And refuse to be irritated...
By the trumpet claims of
these petty governments.
To that I merely repeat:
Those are our conditions.
Unless agreed to by 9 o'clock tonight,
I shall be on a train back to England.
I now leave you gentlemen
to make your decision.
That old fool.
He'd throw everything away when
we were on the verge of getting it.
Disraeli is bluffing then?
- Of course.
He'll go as far as he dare,
but he'll never risk war.
What do we do, wait?
Ask him to dinner.
To talk sense into him?
To talk sense out of him.
He's invited me to dinner.
Do you feel up to it? Be careful.
Yes. It seems I'm either to be...
Wined and dined into acquiescence
or bullied into submission.
Those are the only two methods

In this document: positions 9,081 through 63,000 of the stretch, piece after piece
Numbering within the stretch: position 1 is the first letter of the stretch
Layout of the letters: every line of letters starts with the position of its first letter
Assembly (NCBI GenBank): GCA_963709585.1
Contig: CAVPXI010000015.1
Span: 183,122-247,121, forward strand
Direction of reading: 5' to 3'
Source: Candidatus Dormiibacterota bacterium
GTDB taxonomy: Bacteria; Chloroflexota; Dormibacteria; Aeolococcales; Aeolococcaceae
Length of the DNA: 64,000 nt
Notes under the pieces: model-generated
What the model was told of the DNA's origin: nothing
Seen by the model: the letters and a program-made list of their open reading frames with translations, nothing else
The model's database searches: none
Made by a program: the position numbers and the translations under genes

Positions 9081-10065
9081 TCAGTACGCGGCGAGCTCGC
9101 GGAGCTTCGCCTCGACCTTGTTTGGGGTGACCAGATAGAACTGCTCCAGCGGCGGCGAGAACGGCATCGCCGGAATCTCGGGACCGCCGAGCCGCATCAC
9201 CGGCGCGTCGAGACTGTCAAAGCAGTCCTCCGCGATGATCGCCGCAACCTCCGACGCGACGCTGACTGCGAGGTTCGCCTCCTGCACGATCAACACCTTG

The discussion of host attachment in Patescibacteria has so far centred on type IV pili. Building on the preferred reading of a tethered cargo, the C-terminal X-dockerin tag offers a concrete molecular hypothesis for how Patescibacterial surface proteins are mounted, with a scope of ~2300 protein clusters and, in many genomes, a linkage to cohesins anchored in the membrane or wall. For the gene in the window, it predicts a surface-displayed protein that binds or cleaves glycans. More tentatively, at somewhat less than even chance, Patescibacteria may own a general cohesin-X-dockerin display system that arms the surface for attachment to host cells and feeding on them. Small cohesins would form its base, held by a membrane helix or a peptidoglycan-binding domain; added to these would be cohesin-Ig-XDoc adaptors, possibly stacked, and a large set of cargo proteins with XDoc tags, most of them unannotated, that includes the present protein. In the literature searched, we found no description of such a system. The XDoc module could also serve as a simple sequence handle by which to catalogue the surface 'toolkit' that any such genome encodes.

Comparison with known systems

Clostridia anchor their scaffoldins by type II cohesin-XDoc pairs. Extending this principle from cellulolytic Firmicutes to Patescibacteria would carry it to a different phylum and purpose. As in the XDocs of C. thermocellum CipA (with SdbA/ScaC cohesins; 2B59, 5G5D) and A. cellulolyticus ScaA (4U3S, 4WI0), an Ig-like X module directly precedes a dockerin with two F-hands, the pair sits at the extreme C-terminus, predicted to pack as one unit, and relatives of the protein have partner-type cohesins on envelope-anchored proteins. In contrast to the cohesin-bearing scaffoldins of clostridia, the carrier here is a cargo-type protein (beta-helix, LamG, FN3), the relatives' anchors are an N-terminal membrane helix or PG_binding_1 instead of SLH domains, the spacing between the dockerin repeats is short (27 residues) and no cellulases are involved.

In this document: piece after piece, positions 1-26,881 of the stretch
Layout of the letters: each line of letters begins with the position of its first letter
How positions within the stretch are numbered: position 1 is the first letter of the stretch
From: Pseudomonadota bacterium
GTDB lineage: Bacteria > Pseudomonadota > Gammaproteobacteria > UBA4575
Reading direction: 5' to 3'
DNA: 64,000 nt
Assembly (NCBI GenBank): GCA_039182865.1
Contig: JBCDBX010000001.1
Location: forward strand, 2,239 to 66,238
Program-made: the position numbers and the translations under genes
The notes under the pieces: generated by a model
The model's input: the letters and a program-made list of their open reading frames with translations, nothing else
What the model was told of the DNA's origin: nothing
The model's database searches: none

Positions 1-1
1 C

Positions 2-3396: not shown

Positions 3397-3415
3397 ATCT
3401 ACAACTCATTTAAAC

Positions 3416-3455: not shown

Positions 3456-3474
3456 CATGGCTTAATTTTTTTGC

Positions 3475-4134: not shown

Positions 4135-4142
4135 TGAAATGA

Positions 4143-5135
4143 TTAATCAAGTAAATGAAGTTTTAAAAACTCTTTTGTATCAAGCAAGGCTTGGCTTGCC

known to their diplomacy.
Yes, it will be interesting to see
which of the two he chooses.
This is very good of you.
I'm delighted.
I couldn't bear to think
of your departing...
Without our exchanging
a few words of greeting.
What time is your train?
- 9 o'clock.
Then we must begin our meal at once.
We haven't more than three hours to eat.
To a comfortable journey.
Ah, here is something
you will appreciate.
Tokay, from the Imperial vineyard.
I disagree entirely with the school of
thought that hails Shakespeare a German.
Look at Hamlet for instance.
'To be or not to be'.
That lack of decision. That
fascinating infirmity of purpose.
So un-Germanic. So...
So British.
No... no.
Take yourself for instance.
You know your own mind.
You are firm.
And resolute.
In the face of defeat.
Annihilation, perhaps.
Your will sustains you and carries you